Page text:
Source: Sherman Publications

Poppy drive hit by sales rules

by Mary Keck

June 06, 2012

American Legion Post 63 estimates half of their usual donations may have been lost because Kroger told them they could not sell poppies on May 17-19.

“Our hope is that they’ll rethink their position,” Commander Keith Marbutt said.

Although the veterans signed up to collect donations for poppies in February, when they arrived at the Kroger on Dixie Highway and Maybee Road on May 17, Manager Barry Weiner turned them away.

According to Dale Hollandsworth from Kroger’s Consumer Communications department, the veterans were told they couldn’t sell poppies because of a policy, which has been in place for two years.

“Our customers have told us overwhelmingly that they feel inundated due to all the organizations seeking donations outside the store," Hollandsworth said. “They feel like they’re running a gauntlet.”

To give customers a “better shopping experience,” Kroger adopted a policy requiring organizations to submit a form that can be picked up in the store, Hollandsworth explained.

Marbutt said the American Legion has been selling poppies at Kroger for at least five years, and this was the first time he’d been told about the new procedure.

To comply with Kroger’s policy, Marbutt filled out the new form and was told it would be faxed to the Kroger corporate office, but the veterans were still unable to sell there that weekend.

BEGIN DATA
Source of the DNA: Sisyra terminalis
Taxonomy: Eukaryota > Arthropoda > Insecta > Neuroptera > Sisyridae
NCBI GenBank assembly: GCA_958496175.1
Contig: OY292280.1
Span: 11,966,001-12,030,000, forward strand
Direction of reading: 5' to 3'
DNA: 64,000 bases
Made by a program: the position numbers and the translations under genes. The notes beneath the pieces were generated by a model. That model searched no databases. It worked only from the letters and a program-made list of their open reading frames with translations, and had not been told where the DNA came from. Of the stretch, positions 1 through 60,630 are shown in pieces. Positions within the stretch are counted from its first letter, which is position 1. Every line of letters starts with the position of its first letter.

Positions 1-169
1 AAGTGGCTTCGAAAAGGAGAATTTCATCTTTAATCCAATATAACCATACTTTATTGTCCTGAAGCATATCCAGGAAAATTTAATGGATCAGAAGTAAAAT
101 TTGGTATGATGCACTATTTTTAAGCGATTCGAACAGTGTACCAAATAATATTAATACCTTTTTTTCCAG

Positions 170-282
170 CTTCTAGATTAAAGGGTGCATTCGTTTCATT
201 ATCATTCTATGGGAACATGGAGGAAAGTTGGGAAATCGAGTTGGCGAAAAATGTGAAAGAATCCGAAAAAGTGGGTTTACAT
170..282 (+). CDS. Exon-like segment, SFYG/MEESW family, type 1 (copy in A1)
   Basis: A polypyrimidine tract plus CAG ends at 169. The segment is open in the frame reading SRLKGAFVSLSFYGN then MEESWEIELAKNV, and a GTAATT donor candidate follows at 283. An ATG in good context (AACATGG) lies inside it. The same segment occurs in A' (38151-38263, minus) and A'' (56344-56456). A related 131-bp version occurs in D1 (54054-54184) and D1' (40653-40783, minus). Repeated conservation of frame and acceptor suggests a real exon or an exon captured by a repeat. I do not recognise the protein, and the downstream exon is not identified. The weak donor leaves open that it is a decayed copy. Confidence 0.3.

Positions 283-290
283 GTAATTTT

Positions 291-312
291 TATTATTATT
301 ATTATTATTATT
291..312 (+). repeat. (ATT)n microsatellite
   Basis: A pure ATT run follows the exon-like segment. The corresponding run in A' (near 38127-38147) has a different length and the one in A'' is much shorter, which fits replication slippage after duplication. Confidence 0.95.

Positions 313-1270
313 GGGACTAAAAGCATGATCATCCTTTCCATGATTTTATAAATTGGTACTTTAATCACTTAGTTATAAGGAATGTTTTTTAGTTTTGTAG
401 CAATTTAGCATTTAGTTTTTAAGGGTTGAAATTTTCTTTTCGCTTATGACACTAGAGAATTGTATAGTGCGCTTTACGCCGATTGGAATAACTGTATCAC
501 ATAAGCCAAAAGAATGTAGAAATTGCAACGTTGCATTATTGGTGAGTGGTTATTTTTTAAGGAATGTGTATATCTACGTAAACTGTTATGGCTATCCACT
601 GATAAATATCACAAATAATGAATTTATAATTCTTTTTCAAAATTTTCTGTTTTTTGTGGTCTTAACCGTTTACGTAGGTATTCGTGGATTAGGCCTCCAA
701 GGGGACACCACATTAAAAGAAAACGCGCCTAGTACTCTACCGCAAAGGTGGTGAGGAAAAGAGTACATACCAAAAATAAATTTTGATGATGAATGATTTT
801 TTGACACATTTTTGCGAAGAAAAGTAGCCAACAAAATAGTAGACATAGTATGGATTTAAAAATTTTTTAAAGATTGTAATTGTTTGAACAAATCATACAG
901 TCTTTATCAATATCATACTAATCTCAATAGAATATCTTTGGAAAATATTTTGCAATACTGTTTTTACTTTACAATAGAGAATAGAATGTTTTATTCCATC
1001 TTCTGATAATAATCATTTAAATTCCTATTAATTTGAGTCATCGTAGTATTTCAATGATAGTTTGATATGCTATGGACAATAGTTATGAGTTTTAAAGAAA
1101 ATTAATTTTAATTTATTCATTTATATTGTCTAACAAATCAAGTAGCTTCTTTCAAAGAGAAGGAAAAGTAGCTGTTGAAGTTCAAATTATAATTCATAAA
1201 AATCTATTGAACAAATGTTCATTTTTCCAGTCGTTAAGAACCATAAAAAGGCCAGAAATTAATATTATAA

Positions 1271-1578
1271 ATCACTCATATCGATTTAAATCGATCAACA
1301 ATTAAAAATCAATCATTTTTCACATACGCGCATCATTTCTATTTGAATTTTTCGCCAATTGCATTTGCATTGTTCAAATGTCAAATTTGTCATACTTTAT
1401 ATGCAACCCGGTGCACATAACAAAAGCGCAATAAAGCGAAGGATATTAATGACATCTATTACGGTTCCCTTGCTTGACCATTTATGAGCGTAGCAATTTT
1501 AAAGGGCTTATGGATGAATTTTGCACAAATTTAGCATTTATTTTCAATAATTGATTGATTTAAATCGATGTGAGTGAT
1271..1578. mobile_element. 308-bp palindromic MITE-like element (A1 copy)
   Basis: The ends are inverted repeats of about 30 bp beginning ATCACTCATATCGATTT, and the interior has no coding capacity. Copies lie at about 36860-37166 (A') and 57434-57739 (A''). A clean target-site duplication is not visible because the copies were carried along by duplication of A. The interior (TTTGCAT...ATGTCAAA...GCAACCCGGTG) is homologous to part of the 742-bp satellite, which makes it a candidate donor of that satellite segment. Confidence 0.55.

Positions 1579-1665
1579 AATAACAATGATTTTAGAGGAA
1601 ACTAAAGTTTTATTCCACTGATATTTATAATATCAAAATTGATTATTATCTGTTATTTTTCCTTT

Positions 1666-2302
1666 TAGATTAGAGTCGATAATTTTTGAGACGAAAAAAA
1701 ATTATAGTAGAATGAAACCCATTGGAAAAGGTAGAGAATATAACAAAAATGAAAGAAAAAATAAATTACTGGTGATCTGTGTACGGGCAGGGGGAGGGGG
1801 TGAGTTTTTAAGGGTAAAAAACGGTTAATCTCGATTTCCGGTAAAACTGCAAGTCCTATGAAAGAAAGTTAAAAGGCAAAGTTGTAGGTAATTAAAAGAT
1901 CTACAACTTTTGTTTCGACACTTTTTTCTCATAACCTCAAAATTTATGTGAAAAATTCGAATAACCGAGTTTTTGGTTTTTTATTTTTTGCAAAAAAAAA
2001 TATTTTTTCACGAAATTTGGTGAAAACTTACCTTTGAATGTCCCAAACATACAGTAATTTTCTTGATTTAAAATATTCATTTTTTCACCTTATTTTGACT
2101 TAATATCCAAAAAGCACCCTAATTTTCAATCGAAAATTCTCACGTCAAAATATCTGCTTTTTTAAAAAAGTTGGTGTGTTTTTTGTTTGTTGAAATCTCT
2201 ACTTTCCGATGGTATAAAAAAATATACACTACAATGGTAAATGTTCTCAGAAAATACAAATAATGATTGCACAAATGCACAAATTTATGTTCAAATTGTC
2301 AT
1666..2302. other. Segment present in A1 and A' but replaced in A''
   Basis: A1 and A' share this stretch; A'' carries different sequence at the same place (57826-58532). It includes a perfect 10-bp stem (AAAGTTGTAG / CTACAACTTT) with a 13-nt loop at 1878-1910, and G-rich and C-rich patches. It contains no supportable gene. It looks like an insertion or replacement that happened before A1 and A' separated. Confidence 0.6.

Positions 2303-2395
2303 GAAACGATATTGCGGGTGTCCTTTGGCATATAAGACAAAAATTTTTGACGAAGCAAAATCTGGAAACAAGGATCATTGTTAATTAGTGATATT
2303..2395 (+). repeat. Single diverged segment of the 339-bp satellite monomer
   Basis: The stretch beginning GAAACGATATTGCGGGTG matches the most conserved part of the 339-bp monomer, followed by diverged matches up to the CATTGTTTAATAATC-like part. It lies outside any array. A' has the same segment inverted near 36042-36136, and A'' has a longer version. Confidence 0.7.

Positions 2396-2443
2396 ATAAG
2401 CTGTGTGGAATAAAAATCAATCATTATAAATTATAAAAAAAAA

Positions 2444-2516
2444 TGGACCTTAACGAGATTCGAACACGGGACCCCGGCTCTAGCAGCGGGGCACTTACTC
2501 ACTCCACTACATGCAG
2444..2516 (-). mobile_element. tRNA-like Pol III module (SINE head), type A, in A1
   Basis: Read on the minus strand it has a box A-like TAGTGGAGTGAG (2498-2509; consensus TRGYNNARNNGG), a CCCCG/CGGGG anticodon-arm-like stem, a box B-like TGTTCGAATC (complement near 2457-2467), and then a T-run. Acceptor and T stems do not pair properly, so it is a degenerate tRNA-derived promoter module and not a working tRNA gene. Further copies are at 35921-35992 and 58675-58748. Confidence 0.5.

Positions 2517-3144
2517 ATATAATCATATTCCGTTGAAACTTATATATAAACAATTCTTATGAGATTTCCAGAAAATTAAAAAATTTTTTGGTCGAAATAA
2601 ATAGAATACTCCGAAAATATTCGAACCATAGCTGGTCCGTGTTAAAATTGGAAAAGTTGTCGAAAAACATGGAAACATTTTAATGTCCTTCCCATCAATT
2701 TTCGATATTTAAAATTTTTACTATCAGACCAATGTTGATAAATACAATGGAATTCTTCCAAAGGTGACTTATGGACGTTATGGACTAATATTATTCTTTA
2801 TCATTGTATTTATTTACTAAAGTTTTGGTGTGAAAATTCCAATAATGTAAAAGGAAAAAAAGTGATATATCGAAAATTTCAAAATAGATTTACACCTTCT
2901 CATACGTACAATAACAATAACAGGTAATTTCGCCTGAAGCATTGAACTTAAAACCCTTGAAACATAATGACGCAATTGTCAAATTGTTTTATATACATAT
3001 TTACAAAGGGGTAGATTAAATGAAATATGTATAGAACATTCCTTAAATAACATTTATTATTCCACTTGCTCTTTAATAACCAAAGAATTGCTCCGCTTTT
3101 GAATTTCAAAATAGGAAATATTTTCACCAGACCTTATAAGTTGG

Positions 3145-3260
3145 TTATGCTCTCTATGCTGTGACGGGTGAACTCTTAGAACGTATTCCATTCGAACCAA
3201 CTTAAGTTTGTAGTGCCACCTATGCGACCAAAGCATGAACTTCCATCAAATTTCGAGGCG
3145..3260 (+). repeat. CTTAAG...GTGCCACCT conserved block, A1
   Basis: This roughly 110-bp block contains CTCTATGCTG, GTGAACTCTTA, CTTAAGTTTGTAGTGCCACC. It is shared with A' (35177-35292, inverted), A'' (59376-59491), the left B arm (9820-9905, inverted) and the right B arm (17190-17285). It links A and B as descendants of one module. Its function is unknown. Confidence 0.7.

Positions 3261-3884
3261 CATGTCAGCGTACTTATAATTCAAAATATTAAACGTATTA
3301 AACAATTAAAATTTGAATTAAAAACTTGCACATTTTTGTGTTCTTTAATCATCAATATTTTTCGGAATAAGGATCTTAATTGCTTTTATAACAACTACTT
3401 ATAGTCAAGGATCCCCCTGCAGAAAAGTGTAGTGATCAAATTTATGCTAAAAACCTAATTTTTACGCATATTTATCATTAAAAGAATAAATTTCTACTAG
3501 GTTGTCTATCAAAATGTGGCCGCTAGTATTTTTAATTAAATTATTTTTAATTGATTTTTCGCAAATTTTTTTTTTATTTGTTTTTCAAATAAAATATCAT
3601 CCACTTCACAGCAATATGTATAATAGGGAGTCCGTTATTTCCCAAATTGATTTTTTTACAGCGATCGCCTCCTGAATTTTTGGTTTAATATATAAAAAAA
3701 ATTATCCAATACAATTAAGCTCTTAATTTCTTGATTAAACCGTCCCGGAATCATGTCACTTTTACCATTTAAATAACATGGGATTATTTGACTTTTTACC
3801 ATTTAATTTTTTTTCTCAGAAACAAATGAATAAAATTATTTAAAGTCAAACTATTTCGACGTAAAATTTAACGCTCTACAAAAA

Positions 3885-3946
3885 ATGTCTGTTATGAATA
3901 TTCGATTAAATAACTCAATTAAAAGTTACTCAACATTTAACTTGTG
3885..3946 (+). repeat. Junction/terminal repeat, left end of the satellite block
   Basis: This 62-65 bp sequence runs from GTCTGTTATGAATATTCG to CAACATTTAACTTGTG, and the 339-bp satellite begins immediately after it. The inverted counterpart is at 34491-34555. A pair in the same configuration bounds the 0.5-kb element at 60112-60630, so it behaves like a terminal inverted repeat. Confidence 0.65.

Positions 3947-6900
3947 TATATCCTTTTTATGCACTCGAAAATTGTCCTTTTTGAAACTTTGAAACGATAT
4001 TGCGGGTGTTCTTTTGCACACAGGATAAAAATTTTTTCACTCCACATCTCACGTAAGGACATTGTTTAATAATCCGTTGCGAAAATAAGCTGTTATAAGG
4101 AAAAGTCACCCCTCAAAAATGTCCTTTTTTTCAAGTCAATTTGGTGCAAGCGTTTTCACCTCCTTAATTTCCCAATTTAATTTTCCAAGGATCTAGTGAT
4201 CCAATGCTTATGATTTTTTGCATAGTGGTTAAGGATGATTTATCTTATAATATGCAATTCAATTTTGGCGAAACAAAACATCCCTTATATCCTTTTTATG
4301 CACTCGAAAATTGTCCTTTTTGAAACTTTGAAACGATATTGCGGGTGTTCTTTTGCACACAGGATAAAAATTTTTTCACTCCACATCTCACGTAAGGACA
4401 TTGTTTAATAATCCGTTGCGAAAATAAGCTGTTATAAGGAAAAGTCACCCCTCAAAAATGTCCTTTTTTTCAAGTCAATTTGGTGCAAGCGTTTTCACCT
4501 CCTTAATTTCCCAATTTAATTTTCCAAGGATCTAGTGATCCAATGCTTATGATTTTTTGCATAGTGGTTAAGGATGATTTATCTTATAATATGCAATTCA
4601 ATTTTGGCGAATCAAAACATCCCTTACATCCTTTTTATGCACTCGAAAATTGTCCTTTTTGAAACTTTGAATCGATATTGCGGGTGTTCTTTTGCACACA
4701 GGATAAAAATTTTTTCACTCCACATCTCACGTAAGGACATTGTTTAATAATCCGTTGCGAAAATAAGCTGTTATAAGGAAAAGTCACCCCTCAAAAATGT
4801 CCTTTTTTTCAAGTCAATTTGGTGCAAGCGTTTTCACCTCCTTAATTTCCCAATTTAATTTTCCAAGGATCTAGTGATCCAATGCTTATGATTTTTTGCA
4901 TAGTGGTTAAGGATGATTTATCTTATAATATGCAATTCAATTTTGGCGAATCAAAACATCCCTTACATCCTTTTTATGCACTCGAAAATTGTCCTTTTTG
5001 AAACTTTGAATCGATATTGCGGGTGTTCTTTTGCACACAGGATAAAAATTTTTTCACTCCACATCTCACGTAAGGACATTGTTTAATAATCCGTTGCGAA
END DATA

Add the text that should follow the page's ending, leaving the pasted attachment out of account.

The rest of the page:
As a result, Marbutt had to quickly inform volunteers and move them to new locations.

American Legion volunteers usually collect about $5,000 a year, but this year Marbutt thinks they’ll reach only $2,500 because of the loss of time and volunteers at Kroger just before Memorial Day.

Donations from the poppy sales go to veterans’ food and winter heat bills. They’ve been used to pay for gas to get a veteran’s wife, who was diagnosed with cancer, to her medical appointments, Marbutt explained.

Of the situation with Post 63, Dale Hollandsworth of Kroger said, “I feel bad and am terribly sorry about that.”

There are “thousands of organizations that want to solicit” at Kroger, and due to recent economic hardships, the store has seen an influx of groups hoping to collect donations, he said. Kroger’s policy is intended to schedule the many organizations requesting donations.

Despite hitting an impasse on May 17, Marbutt hopes the American Legion will be welcome to sell poppies at the store again.

“We’d love to work with Kroger,” he said.

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